Attend HX: The Marketplace’s Bomb Prevention Session

Attend HX: The Conference’s Bomb Prevention Session

Everyone wants to feel comfortable in their hotel surroundings. But, hoteliers know that a safe feeling for both guests and employees comes from being diligent, prepared, and knowing what to look out for on a daily basis.

One HX: The Marketplace session, in particular, addresses a major topic related to hotel safety. The Bomb Prevention & Preparedness for the Hotel and Lodging Industry" session will be held on Monday, Nov. 12, from 11:00 a.m. to 11:45 a.m.

The session will highlight new and updated Office for Bombing Prevention (OBP) products and offerings, such as the soon-to-be released Security and Resiliency Guide, the Hotel and Lodging Annex, Bombing Prevention Lanyard cards, and updates to OBP's Virtual and In-person training offerings. The OBP is part of the United States Department of Homeland Security (DHS).
The two presenters are:

Doug DeLancey

Patrick Murphy


Doug DeLancey, the DHS Counter-Improvised Explosive Device (C-IED) Strategy, Integration and Communications Section Chief in the Office for Bombing Prevention (OBP), where he is responsible for the daily operation and success of policy, analysis, and stakeholder outreach efforts.

Patrick Murphy, Senior Director of Global Safety & Security Services for Marriott International Inc. His duties include the development and implementation of safety and security standards for Marriott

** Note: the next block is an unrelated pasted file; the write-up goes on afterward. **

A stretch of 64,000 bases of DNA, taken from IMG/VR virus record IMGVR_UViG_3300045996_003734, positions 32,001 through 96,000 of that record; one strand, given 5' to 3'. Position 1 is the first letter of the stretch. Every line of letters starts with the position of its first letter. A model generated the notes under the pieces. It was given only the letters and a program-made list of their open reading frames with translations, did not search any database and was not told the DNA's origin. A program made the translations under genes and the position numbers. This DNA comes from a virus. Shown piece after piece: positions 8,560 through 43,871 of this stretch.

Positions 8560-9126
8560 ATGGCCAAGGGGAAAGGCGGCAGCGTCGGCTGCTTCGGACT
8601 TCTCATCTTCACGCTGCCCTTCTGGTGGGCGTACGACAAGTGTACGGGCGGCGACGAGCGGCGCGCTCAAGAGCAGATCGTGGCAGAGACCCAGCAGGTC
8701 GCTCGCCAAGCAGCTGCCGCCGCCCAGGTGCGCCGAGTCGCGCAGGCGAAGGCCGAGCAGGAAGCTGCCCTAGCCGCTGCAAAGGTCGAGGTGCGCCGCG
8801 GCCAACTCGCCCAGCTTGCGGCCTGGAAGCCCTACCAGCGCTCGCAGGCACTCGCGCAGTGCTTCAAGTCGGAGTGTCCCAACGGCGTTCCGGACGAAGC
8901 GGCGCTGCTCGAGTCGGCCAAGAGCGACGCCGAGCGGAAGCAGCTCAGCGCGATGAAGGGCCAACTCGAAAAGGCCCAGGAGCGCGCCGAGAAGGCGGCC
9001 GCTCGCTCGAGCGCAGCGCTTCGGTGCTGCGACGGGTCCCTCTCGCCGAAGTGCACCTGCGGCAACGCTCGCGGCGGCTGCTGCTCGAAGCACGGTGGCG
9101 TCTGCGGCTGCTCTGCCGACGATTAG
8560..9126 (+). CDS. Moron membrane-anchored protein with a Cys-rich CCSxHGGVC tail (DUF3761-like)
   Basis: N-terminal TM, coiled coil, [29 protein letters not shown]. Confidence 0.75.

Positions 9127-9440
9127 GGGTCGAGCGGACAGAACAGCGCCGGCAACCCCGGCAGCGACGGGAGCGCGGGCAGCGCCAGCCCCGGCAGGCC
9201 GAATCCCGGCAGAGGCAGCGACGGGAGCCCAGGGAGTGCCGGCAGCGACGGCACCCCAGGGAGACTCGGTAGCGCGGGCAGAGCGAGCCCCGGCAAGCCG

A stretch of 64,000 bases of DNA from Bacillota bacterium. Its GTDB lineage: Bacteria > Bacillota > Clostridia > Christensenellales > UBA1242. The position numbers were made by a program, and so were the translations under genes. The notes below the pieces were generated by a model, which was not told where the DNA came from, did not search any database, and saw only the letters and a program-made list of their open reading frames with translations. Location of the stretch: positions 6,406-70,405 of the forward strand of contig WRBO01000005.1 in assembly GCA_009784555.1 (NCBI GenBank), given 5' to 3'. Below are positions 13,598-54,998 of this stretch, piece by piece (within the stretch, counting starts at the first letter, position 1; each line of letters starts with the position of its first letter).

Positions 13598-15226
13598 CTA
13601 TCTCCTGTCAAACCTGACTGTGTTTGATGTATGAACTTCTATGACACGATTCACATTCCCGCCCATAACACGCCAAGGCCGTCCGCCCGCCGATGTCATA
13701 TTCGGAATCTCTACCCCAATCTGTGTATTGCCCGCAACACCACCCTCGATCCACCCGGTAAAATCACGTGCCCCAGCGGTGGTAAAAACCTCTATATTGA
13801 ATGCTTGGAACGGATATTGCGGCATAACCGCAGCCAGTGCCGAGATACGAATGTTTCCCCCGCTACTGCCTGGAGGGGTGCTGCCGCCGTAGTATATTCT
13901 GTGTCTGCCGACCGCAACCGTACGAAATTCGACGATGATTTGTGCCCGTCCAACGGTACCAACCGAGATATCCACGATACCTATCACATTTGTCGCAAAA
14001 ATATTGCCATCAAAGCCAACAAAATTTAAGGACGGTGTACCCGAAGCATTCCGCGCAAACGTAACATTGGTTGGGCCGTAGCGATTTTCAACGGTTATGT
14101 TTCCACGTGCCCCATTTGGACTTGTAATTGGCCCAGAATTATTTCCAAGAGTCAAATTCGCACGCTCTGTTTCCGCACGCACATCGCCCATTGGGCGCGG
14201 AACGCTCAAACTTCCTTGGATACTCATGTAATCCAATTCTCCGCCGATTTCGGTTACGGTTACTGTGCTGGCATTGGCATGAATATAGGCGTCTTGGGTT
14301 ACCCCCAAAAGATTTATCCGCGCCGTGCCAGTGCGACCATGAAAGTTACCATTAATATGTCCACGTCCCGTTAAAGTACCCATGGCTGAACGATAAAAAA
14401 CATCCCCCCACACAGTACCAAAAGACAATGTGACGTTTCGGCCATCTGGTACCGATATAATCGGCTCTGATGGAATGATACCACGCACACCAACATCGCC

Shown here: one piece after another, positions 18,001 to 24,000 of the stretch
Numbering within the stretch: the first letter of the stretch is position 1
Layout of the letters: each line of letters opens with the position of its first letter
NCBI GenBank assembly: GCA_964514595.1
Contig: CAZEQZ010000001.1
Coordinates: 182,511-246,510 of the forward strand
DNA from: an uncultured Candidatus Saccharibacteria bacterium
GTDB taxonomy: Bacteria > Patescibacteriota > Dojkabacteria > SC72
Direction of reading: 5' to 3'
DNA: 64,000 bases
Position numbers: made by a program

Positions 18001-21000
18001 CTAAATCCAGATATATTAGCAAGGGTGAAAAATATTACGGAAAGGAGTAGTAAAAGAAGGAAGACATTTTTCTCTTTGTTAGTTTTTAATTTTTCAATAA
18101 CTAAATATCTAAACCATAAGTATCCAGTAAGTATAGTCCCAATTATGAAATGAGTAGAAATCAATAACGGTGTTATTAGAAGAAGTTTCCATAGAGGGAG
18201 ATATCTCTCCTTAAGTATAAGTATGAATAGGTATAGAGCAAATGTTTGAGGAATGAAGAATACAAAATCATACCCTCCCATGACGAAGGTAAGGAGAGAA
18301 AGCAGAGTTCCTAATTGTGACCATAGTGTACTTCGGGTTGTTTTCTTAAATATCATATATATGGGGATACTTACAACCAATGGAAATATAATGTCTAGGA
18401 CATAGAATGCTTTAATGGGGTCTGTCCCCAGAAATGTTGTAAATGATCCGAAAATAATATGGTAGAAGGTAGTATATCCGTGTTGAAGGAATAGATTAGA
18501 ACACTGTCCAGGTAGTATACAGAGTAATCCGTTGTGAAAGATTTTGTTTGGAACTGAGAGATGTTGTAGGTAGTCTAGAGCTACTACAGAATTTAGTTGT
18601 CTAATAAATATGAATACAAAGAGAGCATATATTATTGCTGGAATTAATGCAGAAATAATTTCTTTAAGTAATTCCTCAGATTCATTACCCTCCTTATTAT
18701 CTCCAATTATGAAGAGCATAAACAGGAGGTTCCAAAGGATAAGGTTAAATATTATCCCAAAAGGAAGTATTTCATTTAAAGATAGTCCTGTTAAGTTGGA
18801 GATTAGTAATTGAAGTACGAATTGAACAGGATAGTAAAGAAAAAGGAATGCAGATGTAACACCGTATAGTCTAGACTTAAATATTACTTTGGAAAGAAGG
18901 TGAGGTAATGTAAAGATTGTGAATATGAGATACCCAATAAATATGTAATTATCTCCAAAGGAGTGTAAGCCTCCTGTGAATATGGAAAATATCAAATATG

Bomb threats are most commonly received via phone, but are also made in person, via email, written note, or other means, according to the OBP's website ( . Every bomb threat is unique and should be handled in the context of the facility or environment in which it occurs.

Here are some recommended procedures, from the website, in case of a bomb threat. Facility supervisors and law enforcement will be in the best position to determine the credibility of the threat. Follow these procedures:

--Remain calm.
--Notify authorities immediately:
--Notify your facility supervisor, such as a manager, operator, or administrator, or follow your facility's standard operating procedure.
--Call 911 or your local law enforcement if no facility supervisor is available.

For threats made via phone:
--Keep the caller on the line as long as possible. Be polite and show interest to keep them talking.
--DO NOT HANG UP, even if the caller does.
--If possible, signal or pass a note to other staff to listen and help notify authorities.
--Write down as much information as possible—caller ID number, exact wording of threat, type of voice or behavior, etc.—that will aid investigators.
--Record the call, if possible.

According to the DHS' Bomb Threat Checklist, also found on the same website, signs of a suspicious package include: no return address, excessive postage, stain, strange odor, strange sounds, unexpected delivery, poorly handwritten, misspelled words, incorrect titles, foreign postage, and restrictive notes.

For more information and to find out how you can better protect your property, attend this session presented by Doug DeLancey and Patrick Murphy.

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